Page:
Novartis AG (ADR) (NYSE:NVS) is spearheading efforts geared towards accelerating the approval of new drugs in one of the world’s poorest regions. The company in partnership with other drug makers are ramping up support for the East African Community Medicines Registration Harmonization program, which they hope will make the region friendlier to new medicines.
East African Community Medicines Registration Harmonization Program
The agency which represents six countries, is modeled like the European Medicines Agency with the sole mandate of speeding the approval of new medicines. Patients in East Africa are usually among the last ones to gain access to new drugs, devices, and diagnostics, once they are made available to the rest of the world.
That is however set to change thanks to the new body that is poised to trim the lengthy processes needed for regulatory approval of new medicines.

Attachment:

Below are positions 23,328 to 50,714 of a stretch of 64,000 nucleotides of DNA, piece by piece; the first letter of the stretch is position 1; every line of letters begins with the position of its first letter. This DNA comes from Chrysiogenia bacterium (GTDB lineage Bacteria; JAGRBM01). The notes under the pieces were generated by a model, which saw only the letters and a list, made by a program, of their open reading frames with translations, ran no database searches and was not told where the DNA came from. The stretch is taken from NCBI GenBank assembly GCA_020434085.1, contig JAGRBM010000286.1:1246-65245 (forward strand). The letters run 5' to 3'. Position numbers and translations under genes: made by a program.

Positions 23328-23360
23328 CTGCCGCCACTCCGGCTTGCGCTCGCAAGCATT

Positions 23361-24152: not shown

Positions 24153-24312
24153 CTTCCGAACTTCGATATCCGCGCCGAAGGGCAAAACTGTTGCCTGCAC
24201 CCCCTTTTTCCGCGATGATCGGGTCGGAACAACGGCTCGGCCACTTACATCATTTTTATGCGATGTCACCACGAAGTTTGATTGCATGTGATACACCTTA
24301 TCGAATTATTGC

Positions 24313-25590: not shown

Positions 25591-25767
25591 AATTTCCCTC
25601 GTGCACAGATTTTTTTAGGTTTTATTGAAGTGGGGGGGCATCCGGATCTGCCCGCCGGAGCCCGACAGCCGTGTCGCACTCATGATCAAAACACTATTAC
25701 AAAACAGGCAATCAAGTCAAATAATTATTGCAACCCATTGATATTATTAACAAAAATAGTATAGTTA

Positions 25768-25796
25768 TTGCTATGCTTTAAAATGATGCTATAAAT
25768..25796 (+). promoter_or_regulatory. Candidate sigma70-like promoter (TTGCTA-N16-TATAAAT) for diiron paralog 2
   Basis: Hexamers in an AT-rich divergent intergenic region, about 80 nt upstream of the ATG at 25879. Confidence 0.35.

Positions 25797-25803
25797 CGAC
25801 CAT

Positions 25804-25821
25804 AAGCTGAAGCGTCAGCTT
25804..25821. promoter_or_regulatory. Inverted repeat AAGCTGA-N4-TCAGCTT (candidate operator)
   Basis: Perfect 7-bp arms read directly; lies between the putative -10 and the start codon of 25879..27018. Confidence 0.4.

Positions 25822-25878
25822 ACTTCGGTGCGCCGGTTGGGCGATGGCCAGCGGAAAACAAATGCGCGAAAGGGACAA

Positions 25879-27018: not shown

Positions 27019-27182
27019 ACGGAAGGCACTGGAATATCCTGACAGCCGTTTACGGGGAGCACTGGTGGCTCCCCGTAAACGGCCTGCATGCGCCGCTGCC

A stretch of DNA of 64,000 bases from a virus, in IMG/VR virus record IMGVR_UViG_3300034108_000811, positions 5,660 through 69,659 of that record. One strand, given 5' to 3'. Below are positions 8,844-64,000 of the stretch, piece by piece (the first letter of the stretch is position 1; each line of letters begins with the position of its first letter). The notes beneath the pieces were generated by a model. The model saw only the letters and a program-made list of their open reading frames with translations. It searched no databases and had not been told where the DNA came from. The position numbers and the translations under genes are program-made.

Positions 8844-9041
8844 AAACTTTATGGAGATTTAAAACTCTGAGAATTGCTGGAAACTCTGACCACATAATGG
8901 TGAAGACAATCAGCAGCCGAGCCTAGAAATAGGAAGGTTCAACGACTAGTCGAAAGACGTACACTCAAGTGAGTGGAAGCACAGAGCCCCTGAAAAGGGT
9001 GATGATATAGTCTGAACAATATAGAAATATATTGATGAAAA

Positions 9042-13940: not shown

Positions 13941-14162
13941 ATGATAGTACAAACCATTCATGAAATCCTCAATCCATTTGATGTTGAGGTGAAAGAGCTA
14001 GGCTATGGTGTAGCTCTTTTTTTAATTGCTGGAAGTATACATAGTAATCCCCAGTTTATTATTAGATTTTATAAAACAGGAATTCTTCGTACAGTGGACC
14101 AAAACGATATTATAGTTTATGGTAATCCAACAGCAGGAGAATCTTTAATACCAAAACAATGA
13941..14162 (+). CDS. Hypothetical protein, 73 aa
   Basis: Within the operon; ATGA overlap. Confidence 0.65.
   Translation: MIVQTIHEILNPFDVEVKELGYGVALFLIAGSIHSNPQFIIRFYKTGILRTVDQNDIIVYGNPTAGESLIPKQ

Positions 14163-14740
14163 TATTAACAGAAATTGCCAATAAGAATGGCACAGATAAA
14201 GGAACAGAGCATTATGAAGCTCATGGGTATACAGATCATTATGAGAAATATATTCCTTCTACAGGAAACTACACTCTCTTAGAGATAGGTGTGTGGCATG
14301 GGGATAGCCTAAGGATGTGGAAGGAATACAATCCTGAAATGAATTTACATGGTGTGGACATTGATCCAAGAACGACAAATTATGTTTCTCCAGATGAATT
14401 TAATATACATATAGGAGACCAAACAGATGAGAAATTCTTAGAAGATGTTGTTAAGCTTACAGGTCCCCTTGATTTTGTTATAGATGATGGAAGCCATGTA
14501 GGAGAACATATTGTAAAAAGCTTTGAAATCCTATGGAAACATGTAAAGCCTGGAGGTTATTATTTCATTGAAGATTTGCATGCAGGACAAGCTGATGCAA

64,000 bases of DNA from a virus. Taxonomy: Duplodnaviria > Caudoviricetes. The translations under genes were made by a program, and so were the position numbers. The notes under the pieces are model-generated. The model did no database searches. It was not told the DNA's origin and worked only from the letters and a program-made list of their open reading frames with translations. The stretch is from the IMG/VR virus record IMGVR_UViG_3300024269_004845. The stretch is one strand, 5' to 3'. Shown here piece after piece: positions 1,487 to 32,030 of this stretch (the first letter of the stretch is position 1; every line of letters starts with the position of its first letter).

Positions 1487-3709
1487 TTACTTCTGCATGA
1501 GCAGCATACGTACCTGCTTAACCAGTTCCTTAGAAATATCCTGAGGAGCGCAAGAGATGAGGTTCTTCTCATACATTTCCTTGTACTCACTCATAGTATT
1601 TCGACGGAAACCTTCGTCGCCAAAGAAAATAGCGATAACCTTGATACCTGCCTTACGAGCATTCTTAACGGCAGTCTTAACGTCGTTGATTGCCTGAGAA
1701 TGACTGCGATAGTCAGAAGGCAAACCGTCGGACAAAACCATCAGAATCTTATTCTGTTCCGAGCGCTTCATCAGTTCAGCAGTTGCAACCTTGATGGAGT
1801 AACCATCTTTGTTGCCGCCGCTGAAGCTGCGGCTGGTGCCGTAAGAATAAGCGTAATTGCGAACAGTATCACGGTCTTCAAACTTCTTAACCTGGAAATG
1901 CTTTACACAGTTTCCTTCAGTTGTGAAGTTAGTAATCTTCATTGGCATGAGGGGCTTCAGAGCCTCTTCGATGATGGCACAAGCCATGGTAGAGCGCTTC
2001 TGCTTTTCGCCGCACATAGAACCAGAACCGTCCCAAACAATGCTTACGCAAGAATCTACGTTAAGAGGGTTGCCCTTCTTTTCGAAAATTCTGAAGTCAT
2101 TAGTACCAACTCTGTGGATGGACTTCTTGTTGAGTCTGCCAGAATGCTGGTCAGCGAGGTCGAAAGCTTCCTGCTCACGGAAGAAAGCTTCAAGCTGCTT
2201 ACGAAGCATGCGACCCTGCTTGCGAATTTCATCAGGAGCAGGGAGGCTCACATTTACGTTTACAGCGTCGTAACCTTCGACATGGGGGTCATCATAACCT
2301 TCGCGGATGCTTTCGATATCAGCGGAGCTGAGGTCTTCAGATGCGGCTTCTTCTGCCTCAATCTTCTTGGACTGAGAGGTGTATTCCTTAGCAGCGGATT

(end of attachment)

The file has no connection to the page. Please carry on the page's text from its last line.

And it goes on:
Reducing Assessment Steps
The body will streamline regulatory procedures needed for the approval of new drugs across Kenya, Tanzania Uganda, Rwanda, Burundi and South Sudan. The agency is to operate as an independent institution, providing oversight for essential medicines. Its evolution into an official agency is poised to take not less than two years.
“Key to bringing EAC to full strength and scale will be ensuring medicines are reviewed within a predictable time scale with member countries completing the final registration step without unnecessary replication,” said Rob Kowalski, Novartis global head of regulatory affairs
Roche is another drug maker ramping up support for the agency as it is expected to reduce redundant assessment steps needed for new drugs to hit the market. According to the company’s spokeswoman, Anja von Treskow, the agency could lead to single dossier submission process in the six countries.
A push for a harmonized drug approval process in the East African region by giant drug makers does not come as a surprise. The companies are currently looking for new markets for new drugs in a bid to reduce the amount of time it takes to recoup investments on new drugs.
Novartis was down by 1.05% in Wednesday’s trading session to end the day at $82.74 a share.